Catch Yourself Laughing: An Interview with David Heti

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David Heti’s been in Montreal honing the craft of the laugh since way back. I remember first meeting him at Grumpy’s open mics back in the day.

His first comedy album was independently released last year, but got picked up and re-released by StandUp! Records. He’s best known for his curious sense of humour that leaves nothing untouched, he probably has a joke about touching you.

Jesse Chase: How was it coming up as a comedian in Montreal?

David Heti: I think the comedy community is really open here because there’s not a lot at stake. But, there’s a lot of energy and potential because of Just For Laughs— although, it’s not as competitive as Toronto. The people here are here for the good reasons and I’ve never had a three minute set, or had to pay like in LA or New York.

Ok, I’m not going to avoid it. I can get the Yoko Ono reference in one of your jokes, but the John Coltrane/Thelonious Monk slavery bit was pretty gratuitous. How does your black audience receive your use of the “N” word?

It goes over great and better in a room with people of colour in it. And there’s a difference between a place like New York where there’s tons of black people and places like Portland where it’s mostly white. I mean I think someone could tell a good holocaust joke if they’re not Jewish. I can make a poem or something about something I never experienced.

You can make any joke with your friends right. They can trust you, they know where you’re coming from and so if I think that an audience knows you’re a good person they’ll allow you to go to more touchy places.

Chris Rock said when it comes to white people using the “N” word it’s basically no.

I’m surprised he said that. What’s Chris Rock not allowed to say? Everything’s partially objective, everything’s partially subjective…

Author’s Note: Sometimes, there is a “pass” granted to a performer who uses taboo terms in his bit. In my opinion, as a man of colour, David Heti doesn’t get that pass. He uses the “N” word to irresponsibly and childishly segue into his joke about owning John Coltrane and Thelonious Monk as slaves. It’s not cool, or funny. In his defense Heti jokingly says he can say that because “he’s a comedian and he doesn’t own anything,” but I feel it’s more an issue of white privilege.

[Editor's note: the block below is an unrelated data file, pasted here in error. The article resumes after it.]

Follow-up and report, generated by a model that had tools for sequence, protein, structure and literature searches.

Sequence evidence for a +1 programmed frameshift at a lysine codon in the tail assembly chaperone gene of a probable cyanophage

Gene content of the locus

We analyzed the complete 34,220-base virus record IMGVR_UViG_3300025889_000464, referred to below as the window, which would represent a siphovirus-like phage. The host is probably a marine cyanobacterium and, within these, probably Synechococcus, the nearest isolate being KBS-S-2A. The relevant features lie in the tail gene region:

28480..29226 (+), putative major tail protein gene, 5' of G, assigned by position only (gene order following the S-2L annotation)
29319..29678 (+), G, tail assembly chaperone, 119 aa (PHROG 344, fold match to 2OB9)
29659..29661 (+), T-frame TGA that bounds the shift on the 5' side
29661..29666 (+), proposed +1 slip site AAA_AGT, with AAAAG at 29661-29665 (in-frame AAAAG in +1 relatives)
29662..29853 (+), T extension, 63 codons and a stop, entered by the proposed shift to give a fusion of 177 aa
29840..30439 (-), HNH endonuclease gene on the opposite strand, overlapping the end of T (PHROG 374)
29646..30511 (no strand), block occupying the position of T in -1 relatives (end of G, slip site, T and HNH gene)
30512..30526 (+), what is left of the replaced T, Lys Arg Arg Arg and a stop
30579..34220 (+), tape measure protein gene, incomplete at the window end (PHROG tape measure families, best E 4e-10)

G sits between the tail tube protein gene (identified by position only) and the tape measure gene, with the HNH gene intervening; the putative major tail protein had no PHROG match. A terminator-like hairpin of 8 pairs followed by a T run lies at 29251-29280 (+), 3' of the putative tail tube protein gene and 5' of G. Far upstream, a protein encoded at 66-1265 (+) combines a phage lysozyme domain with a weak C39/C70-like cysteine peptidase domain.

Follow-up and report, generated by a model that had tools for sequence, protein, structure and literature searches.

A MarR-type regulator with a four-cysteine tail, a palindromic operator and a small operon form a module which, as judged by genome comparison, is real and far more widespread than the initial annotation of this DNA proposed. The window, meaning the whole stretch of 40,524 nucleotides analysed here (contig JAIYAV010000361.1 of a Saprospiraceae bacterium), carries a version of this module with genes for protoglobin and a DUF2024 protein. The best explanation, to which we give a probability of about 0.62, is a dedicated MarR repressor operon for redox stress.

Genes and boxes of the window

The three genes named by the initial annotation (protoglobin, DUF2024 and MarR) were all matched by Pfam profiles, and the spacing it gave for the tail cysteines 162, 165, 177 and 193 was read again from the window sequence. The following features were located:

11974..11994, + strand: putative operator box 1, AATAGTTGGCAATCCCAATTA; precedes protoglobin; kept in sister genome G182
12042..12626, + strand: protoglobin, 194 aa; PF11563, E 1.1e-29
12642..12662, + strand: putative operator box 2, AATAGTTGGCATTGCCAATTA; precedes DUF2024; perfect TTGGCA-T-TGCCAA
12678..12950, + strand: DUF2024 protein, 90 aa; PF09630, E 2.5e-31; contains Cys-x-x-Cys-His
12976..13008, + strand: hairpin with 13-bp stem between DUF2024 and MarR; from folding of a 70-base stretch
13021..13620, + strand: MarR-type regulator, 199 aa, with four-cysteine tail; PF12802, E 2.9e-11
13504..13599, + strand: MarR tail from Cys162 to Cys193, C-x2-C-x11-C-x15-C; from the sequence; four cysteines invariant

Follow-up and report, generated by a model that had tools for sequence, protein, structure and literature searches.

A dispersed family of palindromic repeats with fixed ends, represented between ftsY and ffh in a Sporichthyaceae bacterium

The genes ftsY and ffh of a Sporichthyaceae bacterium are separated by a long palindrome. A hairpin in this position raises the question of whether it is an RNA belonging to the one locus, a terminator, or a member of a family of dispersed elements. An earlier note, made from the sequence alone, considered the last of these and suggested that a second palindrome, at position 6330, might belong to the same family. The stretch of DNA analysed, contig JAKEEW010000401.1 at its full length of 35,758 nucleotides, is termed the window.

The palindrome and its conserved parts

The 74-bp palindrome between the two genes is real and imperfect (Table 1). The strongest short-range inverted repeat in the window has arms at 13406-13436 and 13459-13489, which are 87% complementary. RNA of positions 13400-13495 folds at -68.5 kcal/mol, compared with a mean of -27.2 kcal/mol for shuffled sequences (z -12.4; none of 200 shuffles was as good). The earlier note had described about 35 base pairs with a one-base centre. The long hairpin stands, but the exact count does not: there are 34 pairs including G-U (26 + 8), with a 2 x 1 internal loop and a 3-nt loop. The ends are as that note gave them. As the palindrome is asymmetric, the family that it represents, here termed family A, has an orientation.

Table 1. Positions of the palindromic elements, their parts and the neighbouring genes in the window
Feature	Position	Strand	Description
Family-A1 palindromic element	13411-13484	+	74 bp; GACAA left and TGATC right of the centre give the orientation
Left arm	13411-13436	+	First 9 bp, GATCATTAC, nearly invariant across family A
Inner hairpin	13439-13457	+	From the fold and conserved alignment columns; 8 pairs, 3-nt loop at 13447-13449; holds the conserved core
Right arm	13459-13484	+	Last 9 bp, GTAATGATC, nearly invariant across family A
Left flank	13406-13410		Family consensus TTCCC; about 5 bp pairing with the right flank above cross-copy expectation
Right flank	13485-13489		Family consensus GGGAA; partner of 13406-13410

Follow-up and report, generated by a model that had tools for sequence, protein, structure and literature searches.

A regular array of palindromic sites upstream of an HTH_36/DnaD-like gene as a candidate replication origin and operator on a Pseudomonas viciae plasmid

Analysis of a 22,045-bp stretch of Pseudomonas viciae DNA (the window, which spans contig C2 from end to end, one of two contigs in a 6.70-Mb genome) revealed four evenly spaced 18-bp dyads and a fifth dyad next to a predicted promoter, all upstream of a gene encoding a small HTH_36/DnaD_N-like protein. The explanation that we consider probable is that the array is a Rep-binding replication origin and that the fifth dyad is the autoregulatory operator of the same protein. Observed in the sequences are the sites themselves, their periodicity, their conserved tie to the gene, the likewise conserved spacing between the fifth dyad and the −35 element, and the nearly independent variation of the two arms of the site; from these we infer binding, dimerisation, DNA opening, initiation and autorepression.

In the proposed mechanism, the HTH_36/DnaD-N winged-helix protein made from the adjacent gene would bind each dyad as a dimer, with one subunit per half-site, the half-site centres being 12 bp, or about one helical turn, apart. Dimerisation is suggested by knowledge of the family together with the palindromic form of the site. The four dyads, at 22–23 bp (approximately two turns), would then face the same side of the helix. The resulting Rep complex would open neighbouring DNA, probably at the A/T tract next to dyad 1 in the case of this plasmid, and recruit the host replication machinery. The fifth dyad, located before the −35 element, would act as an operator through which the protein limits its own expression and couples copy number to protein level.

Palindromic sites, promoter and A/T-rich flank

It’s cool you’re teaching comedy at McGill. How did that come about?

A friend of mine was working in the writing program said she knew someone who could do a course, so I wrote up a course and they let me teach it.

Personally, I understand a joke is a joke and I know how to take a joke, but sometimes I find some people are trying to be funny and it’s uncalled for. Like sometime I say to myself, that wasn’t even funny. Do you ever experience that?

One time I got off stage and this guy was really like, man, that was great, I have some jokes for you. And I say sure.  And then he went on a tirade of anti-semitic jokes. I thought okay, well, why are you telling me these jokes?  And he said well that’s what you do. I said that is not what I do, you don’t understand what’s going on, you’re telling me these things and it’s highly offensive and inappropriate. That guy was just incredibly ignorant, I don’t think it was ill-willed. If I see someone on stage and hear them say something hateful, they’re telling the joke for the wrong reasons.

David’s album can be found at davidheti.com

You can sign up for his course via the McGill Website

2 comments

  • I think the authors note is irresponsible and childish. I’ve heard the joke live, and it’s so obviously not coming from a racist place. He has jokes about pedophilia and abortion and you have no problems with those, because they’re clever and unique and there’s clearly more going on then just the words he’s saying. But when it comes to the black joke, not cool, not funny, no irony, no subtext, just white privilege. I think you really missed the mark here.

  • Great article. I love it.

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